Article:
Hollywood, Movie Globalization, and International Politics

Posted: March 16, 2012 in Uncategorized

The symbolic links between political power and cinema — and notably Hollywood — stretch bac to the earliest days of the movie industry.

For general background reading, see the chapter on movies in my book Weapons of Mass Distraction. See also the Klaus Dodds essay, “Have you Seen Any Good Films Lately: Geopolitics, International Relations and Film“. Also see “Lights, Camera….Covert Action: The Deep Politics of Hollywood“.

Disney characters such as Mickey Mouse have become synonymous with global American culture. Historically, the Disney company worked directly with the U.S. government as part of its diplomatic initiatives. During the Second World War, Disney made many propagands cartoons to appeal to American patriotism and demonize Hitler and the Nazis. After the war, Disney played an instrumental role in the U.S. government’s “Good Neighbor Policy” towards Latin America, notably by making movies and cartoons about the region.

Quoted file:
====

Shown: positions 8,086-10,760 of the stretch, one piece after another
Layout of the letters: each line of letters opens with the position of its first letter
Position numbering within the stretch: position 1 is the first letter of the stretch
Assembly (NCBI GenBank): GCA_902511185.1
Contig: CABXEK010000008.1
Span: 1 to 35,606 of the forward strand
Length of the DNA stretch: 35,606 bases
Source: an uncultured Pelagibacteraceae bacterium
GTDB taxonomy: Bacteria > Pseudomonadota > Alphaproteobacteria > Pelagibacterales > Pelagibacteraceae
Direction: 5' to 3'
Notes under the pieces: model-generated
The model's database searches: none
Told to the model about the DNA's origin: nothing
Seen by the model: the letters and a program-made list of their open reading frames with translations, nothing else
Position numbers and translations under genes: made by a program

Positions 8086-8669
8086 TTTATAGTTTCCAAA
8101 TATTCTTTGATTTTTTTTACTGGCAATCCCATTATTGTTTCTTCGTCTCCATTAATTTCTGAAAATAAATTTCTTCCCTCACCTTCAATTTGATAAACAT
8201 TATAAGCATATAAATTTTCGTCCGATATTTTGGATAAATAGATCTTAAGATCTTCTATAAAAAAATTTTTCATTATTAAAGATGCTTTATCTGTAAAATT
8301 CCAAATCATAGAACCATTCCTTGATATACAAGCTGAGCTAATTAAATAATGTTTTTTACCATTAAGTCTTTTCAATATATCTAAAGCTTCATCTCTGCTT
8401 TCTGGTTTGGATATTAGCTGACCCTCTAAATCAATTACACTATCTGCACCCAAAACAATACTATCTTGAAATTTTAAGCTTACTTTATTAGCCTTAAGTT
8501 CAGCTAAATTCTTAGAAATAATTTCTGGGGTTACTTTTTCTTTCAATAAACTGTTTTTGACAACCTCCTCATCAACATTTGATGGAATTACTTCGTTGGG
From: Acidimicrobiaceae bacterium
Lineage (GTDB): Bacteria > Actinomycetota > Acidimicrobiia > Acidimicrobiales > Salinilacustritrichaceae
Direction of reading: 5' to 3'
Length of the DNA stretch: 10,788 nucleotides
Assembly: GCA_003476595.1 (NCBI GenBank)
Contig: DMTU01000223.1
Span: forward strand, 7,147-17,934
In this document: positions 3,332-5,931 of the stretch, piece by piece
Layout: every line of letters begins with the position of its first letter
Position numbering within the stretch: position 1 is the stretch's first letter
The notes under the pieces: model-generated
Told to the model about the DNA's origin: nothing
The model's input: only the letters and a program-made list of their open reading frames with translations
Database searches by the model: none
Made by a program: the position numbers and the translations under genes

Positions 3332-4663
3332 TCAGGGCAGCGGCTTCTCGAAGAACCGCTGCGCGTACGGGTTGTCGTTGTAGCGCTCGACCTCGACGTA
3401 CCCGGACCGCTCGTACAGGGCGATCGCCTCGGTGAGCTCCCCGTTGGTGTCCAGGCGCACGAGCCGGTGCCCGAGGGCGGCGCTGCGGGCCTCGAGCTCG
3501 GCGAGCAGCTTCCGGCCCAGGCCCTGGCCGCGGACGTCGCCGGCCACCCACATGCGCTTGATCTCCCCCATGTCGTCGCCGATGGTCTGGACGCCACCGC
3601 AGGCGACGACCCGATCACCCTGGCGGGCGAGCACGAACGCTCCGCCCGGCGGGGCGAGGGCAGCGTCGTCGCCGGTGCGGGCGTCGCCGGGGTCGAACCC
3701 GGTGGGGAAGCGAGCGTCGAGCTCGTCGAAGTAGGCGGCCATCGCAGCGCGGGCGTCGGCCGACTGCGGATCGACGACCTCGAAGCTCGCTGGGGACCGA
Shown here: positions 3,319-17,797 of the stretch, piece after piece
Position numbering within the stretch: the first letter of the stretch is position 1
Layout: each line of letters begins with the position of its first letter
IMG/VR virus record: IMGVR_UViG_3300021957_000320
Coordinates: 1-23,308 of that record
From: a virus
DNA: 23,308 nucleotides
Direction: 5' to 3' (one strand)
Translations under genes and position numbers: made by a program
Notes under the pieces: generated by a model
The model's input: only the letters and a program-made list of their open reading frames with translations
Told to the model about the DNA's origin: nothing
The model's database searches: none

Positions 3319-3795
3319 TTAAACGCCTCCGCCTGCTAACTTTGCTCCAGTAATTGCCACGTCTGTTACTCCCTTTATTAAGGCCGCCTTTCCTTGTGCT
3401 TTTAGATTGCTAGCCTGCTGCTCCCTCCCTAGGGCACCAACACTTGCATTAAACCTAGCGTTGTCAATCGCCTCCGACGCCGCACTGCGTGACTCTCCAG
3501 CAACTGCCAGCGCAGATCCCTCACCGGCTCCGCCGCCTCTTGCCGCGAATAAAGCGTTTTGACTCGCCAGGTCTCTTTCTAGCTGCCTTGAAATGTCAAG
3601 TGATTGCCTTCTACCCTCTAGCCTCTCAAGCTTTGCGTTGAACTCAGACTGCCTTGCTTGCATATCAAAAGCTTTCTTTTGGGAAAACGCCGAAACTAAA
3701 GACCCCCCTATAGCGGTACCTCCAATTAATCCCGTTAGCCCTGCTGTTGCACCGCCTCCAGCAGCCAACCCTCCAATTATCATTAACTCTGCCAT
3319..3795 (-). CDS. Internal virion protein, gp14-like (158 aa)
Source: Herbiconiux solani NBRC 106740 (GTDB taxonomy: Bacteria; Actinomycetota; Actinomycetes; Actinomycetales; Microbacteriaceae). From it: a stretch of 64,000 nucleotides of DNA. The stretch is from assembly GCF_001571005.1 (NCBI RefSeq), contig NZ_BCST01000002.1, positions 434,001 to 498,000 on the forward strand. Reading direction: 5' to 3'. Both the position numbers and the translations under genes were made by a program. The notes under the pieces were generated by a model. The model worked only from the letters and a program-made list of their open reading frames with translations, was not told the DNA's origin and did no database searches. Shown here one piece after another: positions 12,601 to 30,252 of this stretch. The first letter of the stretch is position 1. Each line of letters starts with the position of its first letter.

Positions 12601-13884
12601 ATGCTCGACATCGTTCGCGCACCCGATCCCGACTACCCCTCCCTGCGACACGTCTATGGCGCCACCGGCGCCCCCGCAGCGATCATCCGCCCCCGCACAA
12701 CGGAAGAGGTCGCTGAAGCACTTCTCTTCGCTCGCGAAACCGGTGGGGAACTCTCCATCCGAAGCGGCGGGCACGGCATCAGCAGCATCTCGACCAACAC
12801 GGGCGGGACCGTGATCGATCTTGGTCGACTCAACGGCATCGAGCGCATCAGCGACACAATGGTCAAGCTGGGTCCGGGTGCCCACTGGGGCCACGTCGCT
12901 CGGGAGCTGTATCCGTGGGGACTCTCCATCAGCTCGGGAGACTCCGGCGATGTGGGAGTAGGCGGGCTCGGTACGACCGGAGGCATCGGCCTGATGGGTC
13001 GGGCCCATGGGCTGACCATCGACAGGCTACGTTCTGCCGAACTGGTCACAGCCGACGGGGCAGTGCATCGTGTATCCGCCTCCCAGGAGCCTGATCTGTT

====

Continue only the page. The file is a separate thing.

Interestingly, it was from South America that the most articulate opponents of Disney “imperialism” emerged, particularly the Marxist critique against Disney as a cultural vehicle for “capitalist” propaganda. The best-known example of this critique is Ariel Dorfman, whose book How to Read Donald Duck decoded the Disney cartoons as propagands for American imperialism. For a general background on the issue of Disney imperialism or globalization, see this article on the BBC site, “Spotlight on Disney’s Cultural Legacy“. See also this piece titled “A Mickey Mouse Approach to Globalization“. See also this article in the Christian Science Monitor, “In 2,000 Years Will the World Remember Disney or Plato?

With the rise competing national cinemas and the globalization of the international movie market, Hollywood’s power has been waning in recent decades. Hollywood can no longer make “American” movies and export them globally with the same success as in the past.

On the transformation of Hollywood, see this article, linked  here, published in The Wall Street Journal in August 2010: “Plot Change: Foreign Forces Transform Hollywood Films”. The article notes: “The rising clout of international audiences is a sea change for Hollywood. Decades ago, a movie’s foreign box office barely registered with studio executives. Now, foreign ticket sales represent nearly 68% of the roughly $32 billion global film market, up from roughly 58% a decade ago.” Finally, see this article published in The Economist in May 2010: The WorldWide Cinema Boom: The Box Office Strikes Back“. 


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